Hidradenitis suppurativa (HS) is a chronic inflammatory skin disease that primarily involves intertriginous areas (i.e., axilla, groin, perineum, and inframammary area).
Treatment is often multidisciplinary. Early referral to an appropriate specialist for discussion of medical and surgical options should be considered.
Medical therapy falls into four main categories: antibiotics, anti-inflammatory medications, hormonal agents, and systemic retinoids. Longer courses of antibiotics are often necessary in order to be effective.
HS is associated with significant morbidity, with development of scarring, chronic pain, lymphedema, and impact on social function.
HS is a chronic inflammatory dermatosis that primarily affects intertriginous areas (axilla, groin, perineum, and inframammary region). While the name and distribution imply that the disease originates in the sweat glands, the pathogenesis is more likely due to involvement of hair follicles, with sweat gland involvement being a secondary event. The disease manifests clinically as inflammatory papules, nodules, and abscesses, and is often associated with scarring. Purulent drainage and sinus tracts can be noted in more advanced disease.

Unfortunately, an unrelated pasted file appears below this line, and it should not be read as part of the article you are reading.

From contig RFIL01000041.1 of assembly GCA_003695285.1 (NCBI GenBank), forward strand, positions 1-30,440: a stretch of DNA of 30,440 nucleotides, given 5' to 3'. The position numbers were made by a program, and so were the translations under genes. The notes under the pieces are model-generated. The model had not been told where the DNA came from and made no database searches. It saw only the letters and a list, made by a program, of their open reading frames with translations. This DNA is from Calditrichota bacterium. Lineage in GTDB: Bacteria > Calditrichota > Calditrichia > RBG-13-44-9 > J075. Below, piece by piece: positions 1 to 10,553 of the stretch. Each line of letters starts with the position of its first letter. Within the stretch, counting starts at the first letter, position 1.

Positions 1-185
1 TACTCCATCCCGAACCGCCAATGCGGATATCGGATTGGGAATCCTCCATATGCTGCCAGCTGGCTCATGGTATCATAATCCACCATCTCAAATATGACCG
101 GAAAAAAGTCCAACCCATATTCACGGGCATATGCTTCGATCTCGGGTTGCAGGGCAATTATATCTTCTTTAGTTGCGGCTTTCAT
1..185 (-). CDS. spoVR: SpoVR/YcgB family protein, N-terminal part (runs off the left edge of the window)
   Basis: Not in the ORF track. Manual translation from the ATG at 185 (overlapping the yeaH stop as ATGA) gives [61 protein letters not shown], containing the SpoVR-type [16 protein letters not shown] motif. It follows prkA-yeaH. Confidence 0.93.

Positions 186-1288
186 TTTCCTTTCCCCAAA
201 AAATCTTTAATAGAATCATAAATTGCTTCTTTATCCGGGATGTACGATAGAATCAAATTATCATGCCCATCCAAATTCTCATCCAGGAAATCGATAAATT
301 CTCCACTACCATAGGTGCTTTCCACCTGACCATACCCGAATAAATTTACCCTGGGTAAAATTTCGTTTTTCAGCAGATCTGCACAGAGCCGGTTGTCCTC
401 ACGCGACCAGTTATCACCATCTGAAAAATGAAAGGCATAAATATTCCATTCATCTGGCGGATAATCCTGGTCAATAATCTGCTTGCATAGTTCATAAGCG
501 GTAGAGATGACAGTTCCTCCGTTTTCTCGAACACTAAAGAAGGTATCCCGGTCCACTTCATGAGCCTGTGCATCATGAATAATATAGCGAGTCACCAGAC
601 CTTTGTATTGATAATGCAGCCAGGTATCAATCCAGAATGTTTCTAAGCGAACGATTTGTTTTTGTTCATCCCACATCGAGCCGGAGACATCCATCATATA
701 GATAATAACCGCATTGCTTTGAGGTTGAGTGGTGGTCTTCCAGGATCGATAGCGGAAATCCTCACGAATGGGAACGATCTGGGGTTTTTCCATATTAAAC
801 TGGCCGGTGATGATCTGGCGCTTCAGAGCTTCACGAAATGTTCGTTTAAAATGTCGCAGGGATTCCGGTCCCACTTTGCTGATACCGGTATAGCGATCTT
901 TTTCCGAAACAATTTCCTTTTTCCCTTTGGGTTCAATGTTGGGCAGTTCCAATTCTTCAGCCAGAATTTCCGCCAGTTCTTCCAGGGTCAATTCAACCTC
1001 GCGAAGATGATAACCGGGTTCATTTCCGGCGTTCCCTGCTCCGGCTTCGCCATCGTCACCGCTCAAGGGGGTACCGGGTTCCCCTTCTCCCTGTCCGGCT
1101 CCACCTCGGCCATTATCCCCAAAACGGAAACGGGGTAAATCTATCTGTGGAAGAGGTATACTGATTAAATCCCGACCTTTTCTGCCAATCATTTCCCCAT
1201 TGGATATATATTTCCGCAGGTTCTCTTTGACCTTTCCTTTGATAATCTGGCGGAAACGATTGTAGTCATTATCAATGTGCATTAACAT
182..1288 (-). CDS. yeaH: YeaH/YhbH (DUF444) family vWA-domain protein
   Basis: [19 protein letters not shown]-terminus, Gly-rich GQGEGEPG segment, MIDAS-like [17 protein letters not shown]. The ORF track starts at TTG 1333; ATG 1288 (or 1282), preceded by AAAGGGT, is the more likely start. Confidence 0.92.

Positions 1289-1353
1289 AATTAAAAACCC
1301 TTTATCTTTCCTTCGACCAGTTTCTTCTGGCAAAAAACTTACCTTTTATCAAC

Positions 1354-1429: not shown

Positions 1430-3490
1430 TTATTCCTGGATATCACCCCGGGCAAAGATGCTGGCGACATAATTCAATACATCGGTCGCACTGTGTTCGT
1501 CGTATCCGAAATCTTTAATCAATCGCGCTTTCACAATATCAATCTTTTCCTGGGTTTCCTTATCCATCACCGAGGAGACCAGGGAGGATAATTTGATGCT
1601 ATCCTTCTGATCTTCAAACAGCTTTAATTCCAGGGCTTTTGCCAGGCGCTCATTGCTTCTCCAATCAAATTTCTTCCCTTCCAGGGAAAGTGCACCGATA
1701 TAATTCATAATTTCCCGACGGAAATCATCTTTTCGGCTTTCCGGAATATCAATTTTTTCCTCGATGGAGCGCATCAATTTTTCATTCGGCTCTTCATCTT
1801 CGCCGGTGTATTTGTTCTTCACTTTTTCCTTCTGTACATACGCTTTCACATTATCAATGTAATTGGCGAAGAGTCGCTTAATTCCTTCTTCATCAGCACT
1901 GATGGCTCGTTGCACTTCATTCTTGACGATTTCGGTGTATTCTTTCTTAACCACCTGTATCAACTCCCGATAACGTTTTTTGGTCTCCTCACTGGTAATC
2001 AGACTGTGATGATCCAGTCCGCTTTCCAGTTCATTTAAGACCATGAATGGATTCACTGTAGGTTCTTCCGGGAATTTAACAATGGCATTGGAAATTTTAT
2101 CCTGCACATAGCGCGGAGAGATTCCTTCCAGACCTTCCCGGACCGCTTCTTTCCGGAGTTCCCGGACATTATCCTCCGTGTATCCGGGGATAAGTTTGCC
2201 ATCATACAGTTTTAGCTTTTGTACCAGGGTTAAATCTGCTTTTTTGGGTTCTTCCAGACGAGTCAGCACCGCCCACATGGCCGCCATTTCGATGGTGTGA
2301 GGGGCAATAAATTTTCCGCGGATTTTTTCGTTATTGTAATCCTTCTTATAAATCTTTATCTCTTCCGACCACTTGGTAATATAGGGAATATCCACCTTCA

HS is a member of the follicular occlusion tetrad that includes nodulocystic acne, dissecting cellulitis of the scalp, and pilonidal cysts.
History and exam
Key diagnostic factors
- at-risk demographic
- history of acne vulgaris
- recurrent disease
- poor response to previous antibiotic therapy
- open comedones in intertriginous (axilla, groin, perineum, or inframammary) areas
- nodules or abscess
- symmetrical distribution
- sinus tracts with scarring
Other diagnostic factors
- premenstrual flare
- female sex
- positive family history
Investigations to consider
- bacterial culture
- skin biopsy
mild (Hurley stage I)
moderate (Hurley stage II)
severe (Hurley stage III)
- Acne vulgaris
- Crohn disease
- Inverse psoriasis
- Hidradenitis suppurativa/acne inversa: a practical framework for treatment optimization - systematic review and recommendations from the HS ALLIANCE working group
- Guidelines for the management of hidradenitis suppurativa (acne inversa)
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